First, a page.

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Setting Limits: Solutions Beyond Words


(NOTE: An extended version of this blog originally appeared on our US website)

Limit setting involves offering a person choices and consequences as a means of de-escalating their Defensive behaviour. CPI defines effective limits as clear, simple, reasonable and enforceable. Sounds straightforward enough, but limit setting done right is more art than science.
 
When faced with real life conflict, it can seem daunting to engage with a person or situation that’s escalating toward crisis, especially when your goal is to help steer things in the opposite direction, towards a safe, positive resolution. That’s why no matter what field you work in, training for crisis prevention and safe intervention is an absolute necessity.
 
Why is training such an integral part of conflict management? It's all about having the right tools and skills at your fingertips that provide you with the confidence to deal with escalating behaviour and crises. When you ground your skillset in the basic science of human behaviour, you can tailor those core strategies to the specific nuances of any number of real-life situations.
 
In MAPA® implementation, you will be trained in both evidence-based concepts and in-depth practical application, so that when you encounter a crisis in your day-to-day experience, your instincts are rooted and ready to guide you towards an outcome of Care, Welfare, Safety, and SecuritySM .
 
When it comes to limit setting, it's likely that no two conversations will sound alike, but the guiding principles behind them will be identical no matter what kind of situation you’re attempting to navigate. With CPI training, you’ll learn to rationally detach from the intense emotions of a crisis situation, default to a positive approach instead of a negative one and learn to offer options instead of ultimatums when you need to set limits with an individual who is escalating.
 
Try Setting Positive Limits and You'll See the Effects of Offering Choices Rather Than Ultimatums
A person refuses to: Negative Limit: Positive Limit:
Do classwork. If you don't finish your work, you won't have any free time. After your work is done, you'll have five minutes of free time.
Put phone away. If you don't put your phone away, you'll go to the office. Would you like to put your phone away or go to the office?
Stop yelling. If you don't stop yelling, you'll have to leave. When you stop yelling, we can find a solution to what's bothering you.

Words can only do so much—effective limit setting isn’t just a spoken language. It requires that you adjust the nonverbal and paraverbal elements of your behaviour, too. When a person displays Anxiety, or begins to escalate into Defensive behaviour, they might not be able to process your words. But they can very clearly perceive tone of voice and body language.
 
Defensive behaviour can take a lot of different forms, but its purpose is the same. It’s intended to prevent you from seeing what’s happening under the surface, like the ice layer on a wintry lake. But the right elements can break through that surface—and your response to crisis and its Precipitating Factors should be one of them. Words are not enough to change the nature of a situation; you must show as much as you tell. Think about a time when you distrusted somebody’s verbal message because their tone belied the words they were saying to you, or because their physical proximity was too intimidating to pay attention to what they were saying.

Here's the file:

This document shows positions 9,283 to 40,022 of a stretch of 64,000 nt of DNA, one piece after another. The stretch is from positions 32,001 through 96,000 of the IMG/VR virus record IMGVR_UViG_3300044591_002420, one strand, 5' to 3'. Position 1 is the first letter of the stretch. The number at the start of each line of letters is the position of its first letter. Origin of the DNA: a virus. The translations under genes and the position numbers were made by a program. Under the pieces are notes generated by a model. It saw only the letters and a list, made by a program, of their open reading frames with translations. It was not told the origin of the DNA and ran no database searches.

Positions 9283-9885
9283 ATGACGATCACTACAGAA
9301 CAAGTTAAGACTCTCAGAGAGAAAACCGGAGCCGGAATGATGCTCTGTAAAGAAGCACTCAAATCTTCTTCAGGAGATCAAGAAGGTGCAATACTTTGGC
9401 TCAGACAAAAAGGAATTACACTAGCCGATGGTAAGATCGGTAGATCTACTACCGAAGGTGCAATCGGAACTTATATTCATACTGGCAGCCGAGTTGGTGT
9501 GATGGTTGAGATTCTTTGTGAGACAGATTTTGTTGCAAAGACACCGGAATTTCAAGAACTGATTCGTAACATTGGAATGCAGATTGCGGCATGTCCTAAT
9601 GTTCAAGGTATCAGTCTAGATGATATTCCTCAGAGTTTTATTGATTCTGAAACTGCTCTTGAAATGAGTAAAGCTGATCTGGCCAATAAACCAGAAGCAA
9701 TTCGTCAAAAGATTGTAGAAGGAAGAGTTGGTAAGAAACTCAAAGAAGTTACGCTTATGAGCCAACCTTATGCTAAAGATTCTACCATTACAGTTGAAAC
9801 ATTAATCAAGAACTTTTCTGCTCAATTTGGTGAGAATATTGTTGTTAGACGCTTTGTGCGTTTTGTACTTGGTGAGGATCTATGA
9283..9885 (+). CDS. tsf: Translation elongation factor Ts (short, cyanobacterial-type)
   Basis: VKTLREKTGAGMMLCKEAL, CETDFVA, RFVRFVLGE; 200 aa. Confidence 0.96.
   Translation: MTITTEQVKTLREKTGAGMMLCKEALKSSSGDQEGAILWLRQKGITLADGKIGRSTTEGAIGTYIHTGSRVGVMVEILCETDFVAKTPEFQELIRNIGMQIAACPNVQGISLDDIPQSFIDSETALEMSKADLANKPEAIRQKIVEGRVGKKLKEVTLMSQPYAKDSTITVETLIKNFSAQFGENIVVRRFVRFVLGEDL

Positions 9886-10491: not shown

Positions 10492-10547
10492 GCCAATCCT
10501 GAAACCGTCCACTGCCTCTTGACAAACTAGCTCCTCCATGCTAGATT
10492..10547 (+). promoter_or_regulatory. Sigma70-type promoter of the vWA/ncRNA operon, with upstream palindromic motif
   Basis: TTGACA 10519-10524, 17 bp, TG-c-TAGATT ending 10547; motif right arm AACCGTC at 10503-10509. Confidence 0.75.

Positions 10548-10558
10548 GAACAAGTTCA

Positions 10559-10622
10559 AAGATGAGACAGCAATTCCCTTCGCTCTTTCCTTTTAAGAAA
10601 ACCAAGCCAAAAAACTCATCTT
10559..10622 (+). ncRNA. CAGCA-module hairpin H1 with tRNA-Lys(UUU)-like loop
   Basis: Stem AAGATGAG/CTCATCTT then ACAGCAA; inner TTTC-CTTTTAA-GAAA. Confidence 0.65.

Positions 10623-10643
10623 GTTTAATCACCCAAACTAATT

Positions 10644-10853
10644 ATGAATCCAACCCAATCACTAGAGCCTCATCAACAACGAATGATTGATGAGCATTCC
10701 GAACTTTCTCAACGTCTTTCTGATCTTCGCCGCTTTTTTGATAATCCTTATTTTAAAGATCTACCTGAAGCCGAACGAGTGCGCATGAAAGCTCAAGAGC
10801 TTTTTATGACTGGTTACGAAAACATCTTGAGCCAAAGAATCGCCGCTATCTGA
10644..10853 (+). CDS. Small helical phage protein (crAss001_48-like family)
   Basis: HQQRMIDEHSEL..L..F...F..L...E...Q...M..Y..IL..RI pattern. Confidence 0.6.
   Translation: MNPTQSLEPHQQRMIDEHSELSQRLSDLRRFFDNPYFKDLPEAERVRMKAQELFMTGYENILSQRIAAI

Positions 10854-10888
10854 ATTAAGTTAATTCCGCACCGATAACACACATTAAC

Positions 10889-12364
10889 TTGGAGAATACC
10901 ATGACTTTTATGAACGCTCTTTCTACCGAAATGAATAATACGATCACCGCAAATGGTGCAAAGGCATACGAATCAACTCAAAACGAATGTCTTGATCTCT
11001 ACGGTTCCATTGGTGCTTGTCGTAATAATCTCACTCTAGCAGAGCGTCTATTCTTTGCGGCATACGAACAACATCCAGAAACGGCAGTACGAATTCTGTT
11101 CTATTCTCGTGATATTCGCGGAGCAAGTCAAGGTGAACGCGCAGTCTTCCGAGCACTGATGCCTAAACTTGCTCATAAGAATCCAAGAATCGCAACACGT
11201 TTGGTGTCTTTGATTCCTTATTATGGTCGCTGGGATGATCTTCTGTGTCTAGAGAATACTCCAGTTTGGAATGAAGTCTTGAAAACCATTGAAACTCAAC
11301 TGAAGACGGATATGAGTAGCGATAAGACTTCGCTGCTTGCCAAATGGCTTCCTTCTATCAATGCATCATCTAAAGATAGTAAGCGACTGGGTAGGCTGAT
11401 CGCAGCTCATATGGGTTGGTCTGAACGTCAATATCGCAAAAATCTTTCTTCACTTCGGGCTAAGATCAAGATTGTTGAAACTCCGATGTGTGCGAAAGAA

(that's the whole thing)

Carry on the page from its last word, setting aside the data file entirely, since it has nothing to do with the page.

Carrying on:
Try These Tips for Showing and Telling Someone That You're Here to Help
1. Watch your facial expressions and body language.
Keep your movements calm and neutral.
 
4. Offer two positive choices.
"Which do you want to do first, brush your teeth or get dressed?"
2. Be mindful of the tone, volume and cadence of your voice.
How you say what you say is as important as what you say.
 
5. Or, give and encourage one positive choice.
Do this before introducing any consequences or negative choices.
3. Say what's allowed without telling the person what to do.
"We can talk after this", rather than "You need to be quiet".
 
6. Be prepared to redirect the person back to the topic at hand.
If they focus on another issue, help them refocus on the desired outcome.

Does understanding more about how to react to Defensive behaviour and set limits help you feel more empowered to be an active participant in crisis prevention? Conflict doesn’t have to be daunting if you know how to prevent it, and if you’re trained to intervene in a way that preserves and enhances the Care, Welfare, Safety, and SecuritySM of those involved. Strengthening your skills in setting limits with others is an excellent way to change the way you see conflict and crisis, and make your corner of the world a safer and more positive place.
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